The other anecdote stems from a source even farther removed in time from Euclid than Proclus was; it comes from the fifth century AD, from a book of quotations deemed useful for moral instruction. Therein a precocious student asks Euclid what he stands to gain by studying mathematics. In reply, Euclid promises him a few coins if he finishes his course, “since he must needs make gain of what he learns.”
These two gently witty rebukes will have to suffice for us as we try to paint a picture of Euclid in our mind’s eye. Otherwise, we have only his masterwork the Elements, which has come down to us largely intact. It is certainly enough of a legacy for anyone.
Euclid’s Elements has been called the most influential book in the history of the world, excepting only the Bible. It is undoubtedly the most timeless book of practical instruction ever written. To this day it remains the bedrock of the field of mathematics that bears Euclid’s name: that of Euclidian geometry. When we use that phrase, we actually mean all geometry as it existed until the nineteenth century AD, the geometry which is still the only one known to all but advanced students of higher mathematics today. Architects and construction managers, cartographers and videogame programmers rely upon the Elements to do their work, whether they’re aware of it or not. Johannes Kepler used it to develop his laws of planetary motion; NASA engineers used it to plot a manned space capsule’s course to the Moon and back.
Just as important as the practical information contained in the Elements is the new way of doing mathematics that it heralded. If, as Proclus believed, its raw information was not entirely or perhaps even primarily original to the book’s author, but was rather a synthesis of older ideas from thinkers such as Pythagoras, its structure alone is still enough to certify Euclid’s claim to genius. For he was the first mathematician that we know of to employ what we call the axiomatic approach. This means that he begins with a set of primitive axioms — truths which are so basic and self-evident that they cannot be broken down into more granular logical proofs — and then uses them as the foundation for a grander edifice of logic. This is still the way that mathematics is done today, thus justifying those who wish to call Euclid the “Father” of that discipline.
Euclid assumes nothing later on that he doesn’t clearly state at the start of his work, where he defines two-dimensional geometric space at its most fundamental.
- A point is that which has position but not dimension.
- A line is length without breadth.
- The intersections of lines and their extremities are points.
- A line which lies evenly between its extreme points is called a straight or right line.
- A surface is that which has length and breadth.
- When a surface is such that the right line joining any two arbitrary points in it lies wholly in the surface, it is called a plane.
- When one line stands on another, and makes the adjacent angles at both sides of itself equal, each of the angles is called a right angle, and the line which stands on the other is called perpendicular to it.
- A triangle is a figure formed by three right lines joined end to end. The three lines are called its sides.
- A triangle whose three sides are unequal is said to be scalene; a triangle having two sides equal, to be isosceles; and having all its sides equal, to be equilateral.
- A circle is a plane figure formed by a curved line called the circumference, and is such that all right lines drawn from a certain point within the figure to the circumference are equal to one another. This point is called the center.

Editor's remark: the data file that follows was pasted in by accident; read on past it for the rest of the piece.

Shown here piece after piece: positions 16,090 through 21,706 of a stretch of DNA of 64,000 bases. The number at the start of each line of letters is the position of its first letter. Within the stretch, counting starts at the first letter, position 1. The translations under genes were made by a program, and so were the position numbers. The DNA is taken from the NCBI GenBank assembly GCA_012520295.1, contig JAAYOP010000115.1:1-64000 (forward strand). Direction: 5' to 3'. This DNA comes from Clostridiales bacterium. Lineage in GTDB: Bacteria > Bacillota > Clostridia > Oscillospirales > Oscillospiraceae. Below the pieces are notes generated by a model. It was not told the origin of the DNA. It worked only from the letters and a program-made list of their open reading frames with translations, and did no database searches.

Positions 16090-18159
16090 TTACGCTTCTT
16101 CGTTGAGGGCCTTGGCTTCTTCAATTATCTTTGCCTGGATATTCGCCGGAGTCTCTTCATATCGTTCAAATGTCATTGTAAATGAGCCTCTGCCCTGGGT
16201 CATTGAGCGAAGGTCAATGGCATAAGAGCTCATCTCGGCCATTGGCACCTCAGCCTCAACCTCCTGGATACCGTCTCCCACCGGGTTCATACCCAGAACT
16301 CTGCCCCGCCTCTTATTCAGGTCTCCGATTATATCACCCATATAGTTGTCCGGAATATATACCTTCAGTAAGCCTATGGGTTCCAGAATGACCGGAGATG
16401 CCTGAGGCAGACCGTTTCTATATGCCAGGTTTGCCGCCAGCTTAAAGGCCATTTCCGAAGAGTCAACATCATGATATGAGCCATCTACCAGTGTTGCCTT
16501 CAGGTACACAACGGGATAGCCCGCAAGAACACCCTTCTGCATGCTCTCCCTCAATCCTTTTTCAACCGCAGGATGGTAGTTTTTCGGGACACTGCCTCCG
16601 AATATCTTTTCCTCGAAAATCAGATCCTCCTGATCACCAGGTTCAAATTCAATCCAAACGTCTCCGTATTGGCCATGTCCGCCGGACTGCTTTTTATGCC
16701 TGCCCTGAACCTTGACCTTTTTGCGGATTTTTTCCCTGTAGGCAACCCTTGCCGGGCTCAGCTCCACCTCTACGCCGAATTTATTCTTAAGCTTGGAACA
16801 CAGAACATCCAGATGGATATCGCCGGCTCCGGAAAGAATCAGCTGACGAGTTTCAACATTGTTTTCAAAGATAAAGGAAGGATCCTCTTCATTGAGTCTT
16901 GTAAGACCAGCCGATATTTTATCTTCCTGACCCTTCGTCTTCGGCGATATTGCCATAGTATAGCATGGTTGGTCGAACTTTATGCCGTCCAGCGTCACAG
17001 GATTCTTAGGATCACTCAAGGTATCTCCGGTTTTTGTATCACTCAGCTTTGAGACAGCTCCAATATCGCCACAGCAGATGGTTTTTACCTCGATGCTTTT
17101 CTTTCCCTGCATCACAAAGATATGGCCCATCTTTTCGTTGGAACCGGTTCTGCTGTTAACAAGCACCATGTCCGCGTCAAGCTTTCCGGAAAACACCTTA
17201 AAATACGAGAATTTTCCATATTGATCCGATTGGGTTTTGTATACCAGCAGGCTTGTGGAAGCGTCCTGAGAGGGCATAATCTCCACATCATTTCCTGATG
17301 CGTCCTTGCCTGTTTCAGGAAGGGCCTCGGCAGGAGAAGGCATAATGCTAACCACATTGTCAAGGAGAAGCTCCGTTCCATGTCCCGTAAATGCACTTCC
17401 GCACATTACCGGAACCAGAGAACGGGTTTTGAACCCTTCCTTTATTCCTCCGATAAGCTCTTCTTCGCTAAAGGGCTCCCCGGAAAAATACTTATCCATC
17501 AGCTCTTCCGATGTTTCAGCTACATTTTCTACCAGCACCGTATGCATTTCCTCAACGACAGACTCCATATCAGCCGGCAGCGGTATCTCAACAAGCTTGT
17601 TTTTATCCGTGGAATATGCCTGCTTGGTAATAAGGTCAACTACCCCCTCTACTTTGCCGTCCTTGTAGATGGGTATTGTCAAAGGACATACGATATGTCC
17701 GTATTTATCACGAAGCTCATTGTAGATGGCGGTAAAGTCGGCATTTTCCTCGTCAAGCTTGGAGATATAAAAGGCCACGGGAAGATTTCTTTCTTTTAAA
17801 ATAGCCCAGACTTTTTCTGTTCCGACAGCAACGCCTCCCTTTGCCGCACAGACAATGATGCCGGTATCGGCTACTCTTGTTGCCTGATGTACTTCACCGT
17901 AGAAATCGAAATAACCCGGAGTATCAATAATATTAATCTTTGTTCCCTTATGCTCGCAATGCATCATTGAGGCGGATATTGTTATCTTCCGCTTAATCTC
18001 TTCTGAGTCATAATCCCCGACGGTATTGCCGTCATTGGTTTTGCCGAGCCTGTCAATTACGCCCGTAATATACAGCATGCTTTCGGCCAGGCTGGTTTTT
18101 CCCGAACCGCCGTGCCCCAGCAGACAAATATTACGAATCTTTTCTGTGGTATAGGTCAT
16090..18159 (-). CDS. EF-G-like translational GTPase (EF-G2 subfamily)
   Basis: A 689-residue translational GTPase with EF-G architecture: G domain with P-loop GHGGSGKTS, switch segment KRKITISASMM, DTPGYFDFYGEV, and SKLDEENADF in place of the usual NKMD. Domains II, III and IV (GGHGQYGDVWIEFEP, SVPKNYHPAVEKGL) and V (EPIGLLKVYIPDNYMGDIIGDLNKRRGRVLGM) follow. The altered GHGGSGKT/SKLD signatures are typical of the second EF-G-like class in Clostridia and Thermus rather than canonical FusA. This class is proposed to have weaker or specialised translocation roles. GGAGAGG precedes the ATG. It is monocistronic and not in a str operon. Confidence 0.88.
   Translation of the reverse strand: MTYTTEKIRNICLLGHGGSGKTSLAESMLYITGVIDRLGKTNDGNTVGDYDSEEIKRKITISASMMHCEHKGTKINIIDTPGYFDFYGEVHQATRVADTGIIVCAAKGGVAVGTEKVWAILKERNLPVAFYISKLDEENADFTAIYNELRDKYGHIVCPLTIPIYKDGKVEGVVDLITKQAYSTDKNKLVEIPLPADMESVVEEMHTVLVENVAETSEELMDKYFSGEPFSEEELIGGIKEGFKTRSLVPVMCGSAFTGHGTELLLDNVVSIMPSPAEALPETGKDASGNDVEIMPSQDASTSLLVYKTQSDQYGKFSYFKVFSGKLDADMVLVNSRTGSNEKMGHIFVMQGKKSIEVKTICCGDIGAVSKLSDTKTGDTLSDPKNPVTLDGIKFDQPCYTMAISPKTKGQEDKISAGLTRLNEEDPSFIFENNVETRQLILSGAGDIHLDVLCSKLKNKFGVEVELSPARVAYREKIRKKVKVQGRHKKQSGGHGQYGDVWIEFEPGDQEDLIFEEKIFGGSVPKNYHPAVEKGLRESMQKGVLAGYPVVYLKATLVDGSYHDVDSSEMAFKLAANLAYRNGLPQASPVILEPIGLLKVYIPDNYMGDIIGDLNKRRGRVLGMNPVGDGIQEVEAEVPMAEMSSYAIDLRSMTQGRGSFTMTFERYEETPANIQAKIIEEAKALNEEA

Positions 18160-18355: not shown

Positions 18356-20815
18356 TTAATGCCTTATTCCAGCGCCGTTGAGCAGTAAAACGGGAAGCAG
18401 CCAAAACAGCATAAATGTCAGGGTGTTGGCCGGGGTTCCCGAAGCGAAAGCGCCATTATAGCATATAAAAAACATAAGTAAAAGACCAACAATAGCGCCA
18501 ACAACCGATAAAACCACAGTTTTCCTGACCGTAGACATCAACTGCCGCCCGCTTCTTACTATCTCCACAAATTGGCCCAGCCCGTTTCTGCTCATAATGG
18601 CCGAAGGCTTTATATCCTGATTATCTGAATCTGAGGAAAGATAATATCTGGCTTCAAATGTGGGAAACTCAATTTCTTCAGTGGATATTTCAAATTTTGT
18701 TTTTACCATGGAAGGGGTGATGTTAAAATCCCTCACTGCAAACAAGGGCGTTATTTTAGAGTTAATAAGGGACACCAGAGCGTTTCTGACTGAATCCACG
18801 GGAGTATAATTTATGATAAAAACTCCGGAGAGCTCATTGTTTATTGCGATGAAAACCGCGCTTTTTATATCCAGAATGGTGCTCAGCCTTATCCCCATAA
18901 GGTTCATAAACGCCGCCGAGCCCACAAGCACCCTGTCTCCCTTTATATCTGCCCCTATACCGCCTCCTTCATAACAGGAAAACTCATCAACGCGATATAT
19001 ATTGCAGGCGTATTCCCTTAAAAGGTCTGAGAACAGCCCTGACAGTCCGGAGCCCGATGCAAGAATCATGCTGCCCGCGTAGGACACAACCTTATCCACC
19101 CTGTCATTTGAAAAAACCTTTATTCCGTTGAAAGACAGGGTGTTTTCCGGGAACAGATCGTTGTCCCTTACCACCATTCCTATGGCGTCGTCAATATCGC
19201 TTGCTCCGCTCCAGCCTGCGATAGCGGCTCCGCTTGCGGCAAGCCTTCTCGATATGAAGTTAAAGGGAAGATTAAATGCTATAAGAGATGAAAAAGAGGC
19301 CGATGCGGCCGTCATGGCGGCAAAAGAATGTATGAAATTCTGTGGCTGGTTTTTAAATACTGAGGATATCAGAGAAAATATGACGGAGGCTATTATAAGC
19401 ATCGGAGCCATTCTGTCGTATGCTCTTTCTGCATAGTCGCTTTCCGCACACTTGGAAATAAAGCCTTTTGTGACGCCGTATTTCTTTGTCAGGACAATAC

From definitions like these, he proceeds to a series of “propositions,” more complex methods and rules that can be deduced from the simpler truths.
- If two triangles have two sides of one equal respectively to two sides of the other, and have also the angles included by those sides equal, the triangles shall be equal in every respect.
- The angles at the base of an isosceles triangle are equal to one another, and if the equal sides be produced, the external angles below the base shall be equal.
The proofs which Euclid goes on to provide for his propositions are the first of their type in the preserved canon of ancient mathematics. By the end of the book, he has progressed from simple concepts like the ones above to higher number theory, including the irrational numbers and proportions, and three-dimensional (or solid) geometry to complement his two-dimensional points, lines, and shapes.
Forget for a moment its practical value; in the hands of the right reader, Euclid’s Elements can be as moving as any great work of literature. Plato seemed to anticipate its splendor when he wrote that “the knowledge of which geometry aims is the knowledge of the eternal.” Looking back upon it, Will Durant called the Elements “a mathematical architecture that rivaled the Parthenon as a symbol of the Greek mind.” Following Euclid’s methodical progress from first principles to glorious complexity can be a profound spiritual experience, as the language some use to describe it well shows. Bertrand Russell wrote that “at the age of eleven, I began Euclid. This was one of the great events of my life, as dazzling as a first love. I had not imagined that there was anything so delicious in the world.” Edna St. Vincent Millay wrote that “Euclid alone has looked on Beauty bare.”
We don’t know how long Euclid lived in Alexandria. But we do know that his way of orienting himself to the world — an orientation based on observed phenomena rather than received faith — became the Alexandrian way. The city’s justifiably vaunted intellectual tradition was built upon his example of rigorous reasoning from first principles, as applied not only to mathematics but to many other fields besides. Many a brilliant mind would live in Alexandria after him, but none of them would be more important in the grand scheme of things.
That said, some of them definitely did come close. One of these was a mathematician and proto-scientist named Archimedes, about whom we know a little bit more than we do of Euclid.